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Is it legal to install and run FOSS (free open source software) in a closed operating system like Windows? If so then why did Richard Stallman felt it necessary that there "must" be a GNU operating system to run free open source software in it (and was reluctant to go with Windows OS for free open source software)?

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    Because Stallman insists that everything must be Free Software. Ideology at work. – ivanivan Jan 23 at 17:21
  • FOSS includes software with a variety of licenses. It is possible to make blanket statements about it, since all licenses for Free Software need to include the four freedoms, and OS licenses need to satisfy the OSI's principles, but there are cases where some FOSS can be deployed and some can't. – David Thornley Jan 23 at 23:37
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The Windows/MS-DOS licensing terms do not apply any conditions on the software that run under Windows/MS-DOS. That is useful if you want developers to write as much software as possible for your platform – and Microsoft certainly wanted that, especially in its early time where it was far from set to become the dominant OS for personal computers. This is in contrast to iOS where the platform owner is more interested in exercising total control over the software on the platform.

Open source licenses do not prevent installation on proprietary systems. For starters, this runs into the practical problem that nearly no useful pure-FLOSS computers exist – firmware is an especially tricky case. I would argue that such requirements would also be a usage restriction that runs against the ideas of Free Software.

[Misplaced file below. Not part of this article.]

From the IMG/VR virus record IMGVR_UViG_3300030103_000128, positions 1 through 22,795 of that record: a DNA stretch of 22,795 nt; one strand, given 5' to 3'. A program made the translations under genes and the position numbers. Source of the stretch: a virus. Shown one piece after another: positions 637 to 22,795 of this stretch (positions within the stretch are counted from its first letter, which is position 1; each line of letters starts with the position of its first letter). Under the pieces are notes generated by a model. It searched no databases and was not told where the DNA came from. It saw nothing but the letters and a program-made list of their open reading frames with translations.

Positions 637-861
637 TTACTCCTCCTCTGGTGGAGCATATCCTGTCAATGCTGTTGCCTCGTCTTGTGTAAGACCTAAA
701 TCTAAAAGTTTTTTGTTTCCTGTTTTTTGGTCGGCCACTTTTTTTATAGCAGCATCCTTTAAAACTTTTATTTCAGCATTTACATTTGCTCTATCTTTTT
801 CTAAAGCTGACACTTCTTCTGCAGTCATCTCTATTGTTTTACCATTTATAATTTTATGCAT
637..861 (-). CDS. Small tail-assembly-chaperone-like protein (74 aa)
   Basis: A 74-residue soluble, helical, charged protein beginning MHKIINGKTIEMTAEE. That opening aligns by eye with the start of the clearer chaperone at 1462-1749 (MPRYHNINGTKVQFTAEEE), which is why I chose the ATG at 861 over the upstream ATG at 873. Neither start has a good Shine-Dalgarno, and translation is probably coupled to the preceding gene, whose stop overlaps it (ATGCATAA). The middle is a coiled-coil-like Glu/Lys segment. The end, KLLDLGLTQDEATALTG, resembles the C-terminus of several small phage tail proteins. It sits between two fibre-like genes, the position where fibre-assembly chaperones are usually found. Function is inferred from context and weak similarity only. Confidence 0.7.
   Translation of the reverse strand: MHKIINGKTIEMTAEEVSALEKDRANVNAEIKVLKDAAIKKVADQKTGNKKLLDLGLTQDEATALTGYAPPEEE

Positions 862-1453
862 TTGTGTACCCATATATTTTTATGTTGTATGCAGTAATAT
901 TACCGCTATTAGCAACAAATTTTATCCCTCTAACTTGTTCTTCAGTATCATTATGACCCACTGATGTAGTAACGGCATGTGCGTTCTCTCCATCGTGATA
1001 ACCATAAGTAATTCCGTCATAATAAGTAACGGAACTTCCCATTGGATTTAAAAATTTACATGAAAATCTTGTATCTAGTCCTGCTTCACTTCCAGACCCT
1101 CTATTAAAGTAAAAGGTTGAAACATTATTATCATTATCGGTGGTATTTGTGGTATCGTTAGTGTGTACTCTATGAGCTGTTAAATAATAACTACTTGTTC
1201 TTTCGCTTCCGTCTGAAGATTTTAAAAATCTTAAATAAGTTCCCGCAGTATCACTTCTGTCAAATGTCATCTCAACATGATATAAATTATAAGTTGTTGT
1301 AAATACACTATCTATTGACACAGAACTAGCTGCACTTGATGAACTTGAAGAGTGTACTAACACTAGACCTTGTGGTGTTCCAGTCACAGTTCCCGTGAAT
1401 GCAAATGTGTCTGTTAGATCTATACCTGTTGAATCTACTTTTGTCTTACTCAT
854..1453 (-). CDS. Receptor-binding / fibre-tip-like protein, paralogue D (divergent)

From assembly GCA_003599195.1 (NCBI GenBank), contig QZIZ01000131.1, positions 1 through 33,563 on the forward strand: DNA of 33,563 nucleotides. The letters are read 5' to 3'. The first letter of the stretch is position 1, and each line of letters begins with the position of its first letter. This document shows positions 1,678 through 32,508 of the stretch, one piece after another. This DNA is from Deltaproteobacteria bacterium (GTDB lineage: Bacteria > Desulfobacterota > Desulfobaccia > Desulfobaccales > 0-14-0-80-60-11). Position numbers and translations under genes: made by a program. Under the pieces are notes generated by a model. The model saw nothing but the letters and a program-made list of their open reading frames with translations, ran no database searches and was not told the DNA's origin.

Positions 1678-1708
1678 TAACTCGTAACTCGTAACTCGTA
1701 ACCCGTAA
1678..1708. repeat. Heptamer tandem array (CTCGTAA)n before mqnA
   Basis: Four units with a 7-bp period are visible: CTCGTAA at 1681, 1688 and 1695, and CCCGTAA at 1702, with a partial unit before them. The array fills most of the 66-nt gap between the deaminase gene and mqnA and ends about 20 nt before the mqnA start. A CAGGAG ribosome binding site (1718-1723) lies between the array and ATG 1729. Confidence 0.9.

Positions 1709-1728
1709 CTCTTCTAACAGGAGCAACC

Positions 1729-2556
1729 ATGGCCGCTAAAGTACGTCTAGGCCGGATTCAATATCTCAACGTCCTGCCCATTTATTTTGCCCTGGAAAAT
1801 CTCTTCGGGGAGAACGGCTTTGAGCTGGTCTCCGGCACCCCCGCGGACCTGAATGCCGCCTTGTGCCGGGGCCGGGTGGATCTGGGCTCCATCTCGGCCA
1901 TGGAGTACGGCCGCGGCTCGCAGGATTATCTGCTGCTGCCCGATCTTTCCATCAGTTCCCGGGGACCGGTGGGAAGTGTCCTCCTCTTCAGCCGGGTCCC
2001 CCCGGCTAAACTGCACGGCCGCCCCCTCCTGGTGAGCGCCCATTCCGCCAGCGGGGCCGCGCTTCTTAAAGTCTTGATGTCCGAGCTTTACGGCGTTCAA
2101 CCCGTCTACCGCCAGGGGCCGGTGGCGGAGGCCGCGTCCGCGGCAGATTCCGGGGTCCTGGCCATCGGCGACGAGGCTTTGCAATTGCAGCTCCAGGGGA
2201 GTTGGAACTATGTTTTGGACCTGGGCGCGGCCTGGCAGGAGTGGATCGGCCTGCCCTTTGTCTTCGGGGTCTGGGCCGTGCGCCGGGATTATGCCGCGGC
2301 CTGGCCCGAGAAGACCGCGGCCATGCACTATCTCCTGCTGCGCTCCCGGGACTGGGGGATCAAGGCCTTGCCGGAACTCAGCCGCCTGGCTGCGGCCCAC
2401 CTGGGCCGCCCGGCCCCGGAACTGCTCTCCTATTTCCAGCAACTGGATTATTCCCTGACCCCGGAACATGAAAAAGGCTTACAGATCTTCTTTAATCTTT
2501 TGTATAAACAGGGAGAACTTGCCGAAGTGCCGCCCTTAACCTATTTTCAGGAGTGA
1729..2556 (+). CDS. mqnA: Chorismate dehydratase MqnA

While the GPL licenses do not allow GPL-covered software to depend on non-free software, the licenses include an exception for system libraries. So it is perfectly fine to create a GPL covered software that can only run under Windows, or only under Solaris.

The goal of Free Software (in the sense of Stallman) is that everyone, in particular also end users have the freedom to inspect and modify the software they use. This is primarily an ethical question. But it can also be viewed as a consumer-protection effort that leverages copyright law to ensure these freedoms: software that is covered by a copyleft license cannot be included in a software that denies users these rights.

Using copyright law as the legal vehicle for these freedoms also has the practical advantage that it is internationally harmonized through the Berne Convention and WIPO treaty. In contrast, contract law differs drastically across jurisdictions, especially between common law countries like the U.S. and civil law countries like continental Europe.

When Richard Stallman came up with the idea of Free Software, no free software system was available. (BSD did reimplement proprietary Unix components, but did not have a copyleft license to ensure end user freedom, and spent a good part of its early life in limbo while its copyright status was litigated). So the GNU project set out to build such a system, including the GNU Hurd kernel and the GCC compiler. In the meanwhile proprietary platforms have to be used by definition, for example running GNU Emacs on a proprietary Unix kernel. Of course, the GNU Hurd kernel didn't get much traction and was overshot some years later by the Linux kernel, which unlike BSD was unencumbered by legal troubles.